Skijoring! Nordic skiing while being pulled by a dog is fun, thrilling
Women from Saint Michael's team have a blast during recent outing, led by a teammate who skijors with the best of them
While the racing season may be over, the Saint Michael’s Nordic Ski team is still spending time out on the trails — but we (the author of this article is a member of the team) might not be doing what you would expect. For a fun end of season activity, we gathered on Friday, March 25, at the Sleepy Hollow Ski and Bike Center to learn how to “skijor.”
Skijoring is a unique sport; it is Nordic skiing while simultaneously being pulled by a dog. The skier wears a harness around the waist that is connected to a bungee line. That line, which is about six feet long, connects to a harness on the dog. The dog then pulls the skier behind them. Skijorers typically use the skating technique as they follow their dog. Much as with dog sledding, the skier communicates with the dogs via commands.
Cambelle Nutting ’24, a member of the Saint Michael’s College Nordic ski team and a competitive skijorer, led our team in a skijoring clinic. Nutting’s dad Jay brought their two trained skijoring dogs, Cruz and Toko, down from Vassalboro, ME, so the team could learn.
In February 2022, Nutting traveled to Minneapolis MN, to compete in the Skijoring National Championships, where she ended up winning the women’s race. This year, she returned to Minneapolis where she defended her title and placed second overall (men’s and women’s). In March, Nutting competed in the Canadian Skijor National Championship in Alma Quebec where she placed third in the women’s race.
For our recent team experience, Nutting and her dad marked out a loop about one kilometer long with easy terrain for us to use. After an explanation and demonstration from Nutting and her dad, we had the chance to try it ourselves.
“It was a little stressful because the dogs were barking and pulling, and we had to explain how to do it over the dogs,” Nutting said. “I was also a little worried I scared them off because of how loud the dogs were and I crashed at the start.”
While I can confidently say we were all nervous, we were not scared off.
“Before I was extremely nervous — I didn’t even know if I was going to go because it was a little intimidating,” said Katie Culliton ’24. “Then I saw my friends do it and I knew I had to try.”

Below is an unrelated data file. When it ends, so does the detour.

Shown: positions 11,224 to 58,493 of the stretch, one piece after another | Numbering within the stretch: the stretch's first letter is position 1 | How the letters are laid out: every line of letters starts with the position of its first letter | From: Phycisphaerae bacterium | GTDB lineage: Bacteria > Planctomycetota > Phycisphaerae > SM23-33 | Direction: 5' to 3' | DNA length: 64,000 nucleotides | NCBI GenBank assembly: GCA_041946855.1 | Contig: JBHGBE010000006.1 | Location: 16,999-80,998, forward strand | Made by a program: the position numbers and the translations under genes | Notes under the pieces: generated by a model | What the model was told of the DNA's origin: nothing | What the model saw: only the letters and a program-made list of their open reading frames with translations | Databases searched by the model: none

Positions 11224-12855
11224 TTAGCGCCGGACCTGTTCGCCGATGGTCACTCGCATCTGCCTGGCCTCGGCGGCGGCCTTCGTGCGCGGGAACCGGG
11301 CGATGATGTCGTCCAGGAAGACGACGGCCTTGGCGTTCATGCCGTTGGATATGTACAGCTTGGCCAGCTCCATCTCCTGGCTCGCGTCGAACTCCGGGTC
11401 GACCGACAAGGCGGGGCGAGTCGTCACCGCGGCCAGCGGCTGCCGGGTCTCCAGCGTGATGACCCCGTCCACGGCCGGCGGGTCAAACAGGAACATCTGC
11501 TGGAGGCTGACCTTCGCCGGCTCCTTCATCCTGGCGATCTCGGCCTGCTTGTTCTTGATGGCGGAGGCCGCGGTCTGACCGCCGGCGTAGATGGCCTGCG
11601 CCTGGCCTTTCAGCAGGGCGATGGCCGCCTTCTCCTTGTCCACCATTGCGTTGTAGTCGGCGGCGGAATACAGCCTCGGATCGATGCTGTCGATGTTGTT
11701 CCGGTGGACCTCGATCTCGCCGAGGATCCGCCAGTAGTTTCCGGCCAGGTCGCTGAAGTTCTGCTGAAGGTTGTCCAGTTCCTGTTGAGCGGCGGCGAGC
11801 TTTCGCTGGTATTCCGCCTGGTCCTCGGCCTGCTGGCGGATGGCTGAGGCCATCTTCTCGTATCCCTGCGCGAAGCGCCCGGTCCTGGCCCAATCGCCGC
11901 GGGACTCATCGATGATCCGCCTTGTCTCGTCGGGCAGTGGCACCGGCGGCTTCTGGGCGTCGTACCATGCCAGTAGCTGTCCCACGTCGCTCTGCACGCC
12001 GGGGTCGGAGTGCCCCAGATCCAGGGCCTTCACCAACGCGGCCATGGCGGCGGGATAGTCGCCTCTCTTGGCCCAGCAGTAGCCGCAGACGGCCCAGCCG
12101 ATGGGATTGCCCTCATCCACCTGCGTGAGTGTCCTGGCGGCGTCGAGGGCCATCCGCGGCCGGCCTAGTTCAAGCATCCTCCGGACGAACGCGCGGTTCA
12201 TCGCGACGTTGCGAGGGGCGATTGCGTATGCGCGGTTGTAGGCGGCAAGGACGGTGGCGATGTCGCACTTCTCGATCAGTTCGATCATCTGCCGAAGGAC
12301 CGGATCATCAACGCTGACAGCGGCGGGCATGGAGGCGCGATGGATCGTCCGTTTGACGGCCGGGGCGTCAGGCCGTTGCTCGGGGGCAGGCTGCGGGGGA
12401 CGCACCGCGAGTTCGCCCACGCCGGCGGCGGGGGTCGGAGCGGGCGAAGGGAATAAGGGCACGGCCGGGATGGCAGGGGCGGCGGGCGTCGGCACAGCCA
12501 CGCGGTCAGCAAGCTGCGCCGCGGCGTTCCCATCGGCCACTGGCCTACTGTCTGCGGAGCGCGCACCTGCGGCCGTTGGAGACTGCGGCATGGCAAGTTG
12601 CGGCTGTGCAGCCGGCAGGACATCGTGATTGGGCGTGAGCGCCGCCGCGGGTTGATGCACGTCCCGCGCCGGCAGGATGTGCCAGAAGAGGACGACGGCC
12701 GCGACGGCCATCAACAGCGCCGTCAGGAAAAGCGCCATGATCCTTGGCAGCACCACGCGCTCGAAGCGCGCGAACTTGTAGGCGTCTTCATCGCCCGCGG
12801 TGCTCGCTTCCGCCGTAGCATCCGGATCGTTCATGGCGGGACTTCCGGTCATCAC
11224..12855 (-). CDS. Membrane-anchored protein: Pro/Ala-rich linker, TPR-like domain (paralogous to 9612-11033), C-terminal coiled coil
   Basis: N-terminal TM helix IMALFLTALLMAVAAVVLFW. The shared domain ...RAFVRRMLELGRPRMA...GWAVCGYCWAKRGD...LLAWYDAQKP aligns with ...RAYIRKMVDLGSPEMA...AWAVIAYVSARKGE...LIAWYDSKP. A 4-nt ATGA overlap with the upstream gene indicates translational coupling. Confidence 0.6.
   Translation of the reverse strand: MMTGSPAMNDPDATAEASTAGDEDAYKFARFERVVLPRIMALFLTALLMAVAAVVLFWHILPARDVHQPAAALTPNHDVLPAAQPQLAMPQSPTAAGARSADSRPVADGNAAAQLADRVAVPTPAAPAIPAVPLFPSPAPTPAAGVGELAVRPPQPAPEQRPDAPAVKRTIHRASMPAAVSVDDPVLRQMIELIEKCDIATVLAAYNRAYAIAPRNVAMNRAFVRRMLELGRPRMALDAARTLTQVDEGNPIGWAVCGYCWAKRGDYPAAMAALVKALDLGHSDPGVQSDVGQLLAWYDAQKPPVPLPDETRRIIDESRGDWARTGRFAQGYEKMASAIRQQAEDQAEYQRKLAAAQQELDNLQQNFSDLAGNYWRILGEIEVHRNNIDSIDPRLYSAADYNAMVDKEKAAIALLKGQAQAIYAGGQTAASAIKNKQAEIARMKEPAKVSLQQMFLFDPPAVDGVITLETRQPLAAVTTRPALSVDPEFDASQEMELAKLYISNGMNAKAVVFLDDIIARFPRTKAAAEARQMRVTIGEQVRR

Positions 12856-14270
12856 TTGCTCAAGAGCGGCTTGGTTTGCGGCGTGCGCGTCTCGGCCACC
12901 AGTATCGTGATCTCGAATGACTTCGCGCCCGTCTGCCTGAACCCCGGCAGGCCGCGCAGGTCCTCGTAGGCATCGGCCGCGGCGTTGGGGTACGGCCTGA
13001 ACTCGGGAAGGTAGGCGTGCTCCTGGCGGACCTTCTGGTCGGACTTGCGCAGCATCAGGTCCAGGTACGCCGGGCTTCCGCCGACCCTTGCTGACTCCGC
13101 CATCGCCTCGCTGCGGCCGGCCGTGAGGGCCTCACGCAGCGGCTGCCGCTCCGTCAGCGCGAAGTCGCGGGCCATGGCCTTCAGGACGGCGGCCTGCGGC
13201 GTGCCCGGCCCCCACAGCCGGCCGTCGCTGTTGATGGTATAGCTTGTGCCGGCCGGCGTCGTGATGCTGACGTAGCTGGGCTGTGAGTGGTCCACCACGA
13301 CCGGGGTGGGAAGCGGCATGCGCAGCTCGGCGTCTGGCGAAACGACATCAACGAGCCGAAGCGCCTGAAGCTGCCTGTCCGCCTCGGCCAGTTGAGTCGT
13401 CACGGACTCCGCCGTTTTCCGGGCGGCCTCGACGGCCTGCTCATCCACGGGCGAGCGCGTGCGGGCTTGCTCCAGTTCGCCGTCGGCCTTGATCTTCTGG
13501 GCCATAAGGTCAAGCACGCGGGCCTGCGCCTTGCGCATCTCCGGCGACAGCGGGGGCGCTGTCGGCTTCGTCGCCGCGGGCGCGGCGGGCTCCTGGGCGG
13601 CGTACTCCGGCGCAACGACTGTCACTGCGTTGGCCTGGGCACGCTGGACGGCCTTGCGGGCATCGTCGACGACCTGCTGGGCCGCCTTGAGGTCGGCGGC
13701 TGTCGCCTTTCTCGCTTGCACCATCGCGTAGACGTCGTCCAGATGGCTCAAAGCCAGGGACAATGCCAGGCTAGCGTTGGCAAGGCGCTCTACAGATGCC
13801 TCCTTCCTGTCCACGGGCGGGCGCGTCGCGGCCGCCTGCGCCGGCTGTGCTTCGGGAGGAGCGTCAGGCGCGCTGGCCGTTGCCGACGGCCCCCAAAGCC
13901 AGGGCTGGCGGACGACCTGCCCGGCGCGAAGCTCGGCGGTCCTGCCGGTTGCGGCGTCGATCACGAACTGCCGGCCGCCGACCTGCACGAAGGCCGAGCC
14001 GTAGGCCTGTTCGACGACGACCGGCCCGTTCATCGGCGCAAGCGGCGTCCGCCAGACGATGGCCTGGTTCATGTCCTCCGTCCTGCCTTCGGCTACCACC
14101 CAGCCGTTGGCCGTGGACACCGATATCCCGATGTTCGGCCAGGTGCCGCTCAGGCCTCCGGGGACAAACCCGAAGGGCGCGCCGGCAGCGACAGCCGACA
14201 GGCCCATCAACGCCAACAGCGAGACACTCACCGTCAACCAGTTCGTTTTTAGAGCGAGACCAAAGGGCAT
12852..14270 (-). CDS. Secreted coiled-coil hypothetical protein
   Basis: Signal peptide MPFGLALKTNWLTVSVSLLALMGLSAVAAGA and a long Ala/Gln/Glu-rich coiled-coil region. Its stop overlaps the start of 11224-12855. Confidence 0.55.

We went in pairs of two, each with our own dog, and could go as fast as allowed us to remain comfortable. Some of us skated while the dog ran, while others just went for a ride and allowed the dogs to pull them. Either way, everyone finished the loop with a big smile. “Once I started doing it, I was having so much fun. I was screaming and laughing the entire time. After I finished my body was shaking with adrenaline,” Culliton said.
The sensation of skijoring is one that is difficult to describe. “It went by so quickly, I can’t put a pin on what I was feeling,” said Lily Sabol ’24. “It honestly felt like a rollercoaster, and it was just super fun. When you were skiing the dogs would kick snow back that would come flying at your face, so you had to wear glasses.”
Nutting and her dad made skijoring look easy and graceful. Unfortunately, I cannot say the same for myself. While I somehow managed to stay upright, I struggled to keep my balance. The dogs were so strong, I was shocked at how hard they pulled and how fast I went. Every time I finished a run, I had tears streaming down my face from how fast we had been going.
While we were not actively skijoring, everyone was watching and cheering on their teammates. The team would watch the skiers take off into the woods, and then eagerly wait for them to come flying around the corner and down the hill into the finish. Watching was almost as exciting as skijoring. Some of us, like Sabol and myself, started racing each other as we got more comfortable with it. “Honestly my favorite part was racing you,” said Sabol, “and it was cool to see how the dogs interact with each other, you can tell they like competing with each other.”
Despite the initial stress, Nutting had a great time skijoring with her team, “I had so much fun. I was so ecstatic and thrilled to be able to share the experience with my friends,” Nutting said. “Most of my races are far away so I was excited for them to get to see what I do.”
Skijoring is one of the coolest experiences I have had, and I am not alone when I say I want to do it again, “I would definitely do it again. I want to do a full-on race,” said Culliton.